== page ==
Andrew Engeldinger’s parents pushed him for two years to seek treatment for what they suspected was mental illness. Even though he became increasingly paranoid and experienced delusions, there was nothing they could do, says the Associated Press. Minnesota doesn’t allow people to be forced into treatment without proof that they are a threat to themselves or others. Engeldinger’s parents were horrified when their son, 36, went on a workplace shooting spree, killing the owner of a business, three employees and a UPS driver. Engeldinger then killed himself.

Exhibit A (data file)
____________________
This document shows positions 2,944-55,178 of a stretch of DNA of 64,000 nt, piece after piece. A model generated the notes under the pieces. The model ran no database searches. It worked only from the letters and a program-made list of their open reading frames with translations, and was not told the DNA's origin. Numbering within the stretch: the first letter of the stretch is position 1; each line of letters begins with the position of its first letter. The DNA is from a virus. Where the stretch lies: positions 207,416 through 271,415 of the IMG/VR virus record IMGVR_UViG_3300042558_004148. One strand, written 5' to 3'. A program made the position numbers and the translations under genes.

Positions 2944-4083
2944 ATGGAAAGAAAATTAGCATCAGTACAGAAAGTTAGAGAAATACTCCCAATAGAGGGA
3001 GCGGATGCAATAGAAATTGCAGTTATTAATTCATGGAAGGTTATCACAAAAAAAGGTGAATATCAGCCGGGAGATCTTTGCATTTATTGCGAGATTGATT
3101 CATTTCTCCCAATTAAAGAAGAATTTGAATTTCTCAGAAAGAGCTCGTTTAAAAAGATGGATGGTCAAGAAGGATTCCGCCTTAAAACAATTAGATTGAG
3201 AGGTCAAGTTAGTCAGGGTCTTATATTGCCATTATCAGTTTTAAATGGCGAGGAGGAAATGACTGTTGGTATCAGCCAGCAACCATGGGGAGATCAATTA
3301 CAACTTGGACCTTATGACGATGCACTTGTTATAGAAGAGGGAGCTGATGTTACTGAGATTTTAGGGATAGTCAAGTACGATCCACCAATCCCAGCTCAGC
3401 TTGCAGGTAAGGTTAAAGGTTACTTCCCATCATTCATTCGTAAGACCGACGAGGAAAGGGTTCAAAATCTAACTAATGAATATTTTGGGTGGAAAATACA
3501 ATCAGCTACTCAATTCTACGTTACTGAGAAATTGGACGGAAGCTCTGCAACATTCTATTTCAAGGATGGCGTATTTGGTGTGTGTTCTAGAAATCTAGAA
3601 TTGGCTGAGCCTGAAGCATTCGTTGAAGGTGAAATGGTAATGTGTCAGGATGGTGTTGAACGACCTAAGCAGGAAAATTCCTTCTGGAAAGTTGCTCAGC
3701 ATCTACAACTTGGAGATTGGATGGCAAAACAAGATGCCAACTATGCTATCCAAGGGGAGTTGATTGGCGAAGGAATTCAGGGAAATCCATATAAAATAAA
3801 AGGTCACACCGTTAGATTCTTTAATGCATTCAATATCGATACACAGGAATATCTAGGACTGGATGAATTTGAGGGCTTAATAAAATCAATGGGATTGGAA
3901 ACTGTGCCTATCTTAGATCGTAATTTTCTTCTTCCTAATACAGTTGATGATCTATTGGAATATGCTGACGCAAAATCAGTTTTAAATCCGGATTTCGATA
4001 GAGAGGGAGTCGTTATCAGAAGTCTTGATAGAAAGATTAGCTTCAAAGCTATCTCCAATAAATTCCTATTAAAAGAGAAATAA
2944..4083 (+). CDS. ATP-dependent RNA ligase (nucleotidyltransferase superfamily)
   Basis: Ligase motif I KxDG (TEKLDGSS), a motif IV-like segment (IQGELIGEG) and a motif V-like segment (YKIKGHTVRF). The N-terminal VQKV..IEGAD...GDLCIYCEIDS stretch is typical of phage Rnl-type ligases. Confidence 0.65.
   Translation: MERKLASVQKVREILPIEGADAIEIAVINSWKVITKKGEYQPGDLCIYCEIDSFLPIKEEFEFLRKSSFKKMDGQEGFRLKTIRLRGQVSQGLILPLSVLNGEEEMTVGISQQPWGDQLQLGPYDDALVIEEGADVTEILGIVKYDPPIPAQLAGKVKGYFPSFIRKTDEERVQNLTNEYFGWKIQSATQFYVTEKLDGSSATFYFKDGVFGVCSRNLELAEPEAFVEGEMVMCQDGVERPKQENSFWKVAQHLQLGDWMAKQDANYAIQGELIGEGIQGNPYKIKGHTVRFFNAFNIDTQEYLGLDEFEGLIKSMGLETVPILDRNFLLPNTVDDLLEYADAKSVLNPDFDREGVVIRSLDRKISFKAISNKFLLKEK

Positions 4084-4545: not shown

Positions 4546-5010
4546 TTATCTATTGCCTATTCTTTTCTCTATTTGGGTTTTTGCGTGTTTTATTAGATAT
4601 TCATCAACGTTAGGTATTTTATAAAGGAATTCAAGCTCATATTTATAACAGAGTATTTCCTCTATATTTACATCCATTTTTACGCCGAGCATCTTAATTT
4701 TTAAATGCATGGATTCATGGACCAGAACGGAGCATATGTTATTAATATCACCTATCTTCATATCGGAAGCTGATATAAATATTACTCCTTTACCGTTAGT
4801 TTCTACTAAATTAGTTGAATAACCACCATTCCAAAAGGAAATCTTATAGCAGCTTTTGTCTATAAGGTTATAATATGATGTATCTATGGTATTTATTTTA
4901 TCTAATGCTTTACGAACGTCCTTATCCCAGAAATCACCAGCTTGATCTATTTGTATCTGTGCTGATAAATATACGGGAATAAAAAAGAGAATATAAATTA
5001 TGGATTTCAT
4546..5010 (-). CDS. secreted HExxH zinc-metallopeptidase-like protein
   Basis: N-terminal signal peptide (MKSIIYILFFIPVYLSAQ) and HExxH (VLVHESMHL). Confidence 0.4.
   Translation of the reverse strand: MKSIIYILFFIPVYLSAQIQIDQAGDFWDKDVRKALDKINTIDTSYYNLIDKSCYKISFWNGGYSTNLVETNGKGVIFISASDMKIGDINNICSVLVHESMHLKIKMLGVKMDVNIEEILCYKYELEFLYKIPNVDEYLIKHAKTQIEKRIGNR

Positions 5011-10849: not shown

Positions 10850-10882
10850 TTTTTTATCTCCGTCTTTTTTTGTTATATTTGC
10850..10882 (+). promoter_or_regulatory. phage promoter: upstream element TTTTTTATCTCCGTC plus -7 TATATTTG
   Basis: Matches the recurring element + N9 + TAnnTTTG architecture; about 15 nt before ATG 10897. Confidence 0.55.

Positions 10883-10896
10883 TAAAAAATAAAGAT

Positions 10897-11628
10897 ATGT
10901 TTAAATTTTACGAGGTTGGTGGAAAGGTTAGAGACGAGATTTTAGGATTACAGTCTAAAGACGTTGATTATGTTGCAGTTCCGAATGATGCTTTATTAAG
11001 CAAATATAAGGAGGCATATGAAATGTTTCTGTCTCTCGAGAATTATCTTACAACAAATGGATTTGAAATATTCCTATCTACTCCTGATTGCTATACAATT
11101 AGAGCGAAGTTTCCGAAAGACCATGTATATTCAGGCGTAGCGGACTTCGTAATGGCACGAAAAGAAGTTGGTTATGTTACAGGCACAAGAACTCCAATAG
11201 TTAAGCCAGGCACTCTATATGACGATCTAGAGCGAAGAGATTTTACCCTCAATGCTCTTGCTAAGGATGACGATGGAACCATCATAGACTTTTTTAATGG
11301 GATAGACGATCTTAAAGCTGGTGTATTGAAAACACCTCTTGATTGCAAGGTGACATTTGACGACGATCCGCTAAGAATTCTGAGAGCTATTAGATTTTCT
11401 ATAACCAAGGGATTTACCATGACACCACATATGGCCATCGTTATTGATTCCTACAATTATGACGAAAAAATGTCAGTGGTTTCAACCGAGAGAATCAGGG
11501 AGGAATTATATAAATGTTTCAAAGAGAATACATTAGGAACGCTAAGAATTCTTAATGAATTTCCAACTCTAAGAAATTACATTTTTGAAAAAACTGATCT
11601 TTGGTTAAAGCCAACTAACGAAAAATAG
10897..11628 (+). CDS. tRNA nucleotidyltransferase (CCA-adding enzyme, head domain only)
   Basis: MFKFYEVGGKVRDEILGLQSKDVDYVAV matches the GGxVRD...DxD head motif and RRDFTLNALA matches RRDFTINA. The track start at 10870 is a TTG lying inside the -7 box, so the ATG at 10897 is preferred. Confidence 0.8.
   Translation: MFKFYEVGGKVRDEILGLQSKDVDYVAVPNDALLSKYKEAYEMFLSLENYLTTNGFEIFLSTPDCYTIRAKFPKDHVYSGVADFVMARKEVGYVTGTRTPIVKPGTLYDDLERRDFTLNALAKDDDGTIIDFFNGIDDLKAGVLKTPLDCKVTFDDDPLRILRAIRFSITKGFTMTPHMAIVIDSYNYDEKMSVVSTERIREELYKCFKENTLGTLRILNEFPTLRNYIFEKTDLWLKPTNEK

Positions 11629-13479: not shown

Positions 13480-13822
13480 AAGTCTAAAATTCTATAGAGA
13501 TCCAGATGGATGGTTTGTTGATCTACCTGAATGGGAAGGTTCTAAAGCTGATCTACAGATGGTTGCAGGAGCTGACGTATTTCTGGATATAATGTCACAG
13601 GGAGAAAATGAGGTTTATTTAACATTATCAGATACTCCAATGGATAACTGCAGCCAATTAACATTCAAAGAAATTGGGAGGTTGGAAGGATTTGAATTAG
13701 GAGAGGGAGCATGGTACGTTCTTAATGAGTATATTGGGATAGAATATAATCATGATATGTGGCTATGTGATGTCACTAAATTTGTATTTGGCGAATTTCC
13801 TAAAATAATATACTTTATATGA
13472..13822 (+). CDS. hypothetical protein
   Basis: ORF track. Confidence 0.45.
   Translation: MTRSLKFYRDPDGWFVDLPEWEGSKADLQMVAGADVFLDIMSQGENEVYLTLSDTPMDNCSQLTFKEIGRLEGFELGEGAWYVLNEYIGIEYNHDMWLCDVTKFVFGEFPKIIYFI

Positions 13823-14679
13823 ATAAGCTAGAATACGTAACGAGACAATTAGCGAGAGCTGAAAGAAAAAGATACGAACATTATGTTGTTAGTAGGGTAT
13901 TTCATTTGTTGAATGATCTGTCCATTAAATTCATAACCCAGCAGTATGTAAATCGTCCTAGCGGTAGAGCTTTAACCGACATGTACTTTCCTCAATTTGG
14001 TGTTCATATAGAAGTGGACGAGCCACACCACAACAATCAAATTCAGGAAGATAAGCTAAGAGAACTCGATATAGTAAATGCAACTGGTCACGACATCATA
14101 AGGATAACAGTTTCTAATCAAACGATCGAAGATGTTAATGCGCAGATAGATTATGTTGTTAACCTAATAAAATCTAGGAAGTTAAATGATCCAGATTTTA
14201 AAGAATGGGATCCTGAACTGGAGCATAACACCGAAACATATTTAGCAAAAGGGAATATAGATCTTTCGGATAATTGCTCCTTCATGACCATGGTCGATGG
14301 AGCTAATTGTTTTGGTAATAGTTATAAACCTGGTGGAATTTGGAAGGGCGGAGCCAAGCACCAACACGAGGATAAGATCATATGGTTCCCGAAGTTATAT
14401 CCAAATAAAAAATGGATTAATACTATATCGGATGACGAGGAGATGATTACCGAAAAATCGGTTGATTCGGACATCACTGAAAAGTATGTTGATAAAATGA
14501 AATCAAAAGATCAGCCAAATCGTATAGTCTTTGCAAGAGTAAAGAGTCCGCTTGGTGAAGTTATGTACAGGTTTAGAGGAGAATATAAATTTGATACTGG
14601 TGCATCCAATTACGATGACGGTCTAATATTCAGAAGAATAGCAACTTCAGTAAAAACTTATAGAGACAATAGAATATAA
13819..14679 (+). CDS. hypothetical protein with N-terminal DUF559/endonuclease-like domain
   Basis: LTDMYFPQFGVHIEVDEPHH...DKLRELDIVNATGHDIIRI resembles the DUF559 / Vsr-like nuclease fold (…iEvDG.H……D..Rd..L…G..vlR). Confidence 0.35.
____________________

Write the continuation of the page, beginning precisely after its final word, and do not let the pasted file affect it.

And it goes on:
“They wanted him to get treatment. They wanted him to get help,” said Sue Abderholden of the National Alliance on Mental Illness, a family spokeswoman. “You’re not going to convince someone they’re ill if they don’t want to believe it.” It is a problem faced by friends and relatives of people suffering from mental illness, along with police officers and health care providers where they turn for help. While a small number of the mentally ill commit violence, the difficulty of getting treatment and ensuring it is successful, and the catastrophic consequences of failure, are common threads that often link such outbursts. “These are not random acts of violence,” said Dr. E. Fuller Torrey, a psychiatrist at the Stanley Medical Research Institute in Maryland, who believes that “these episodes will increase in number and severity and will continue until we figure out what to do about it.”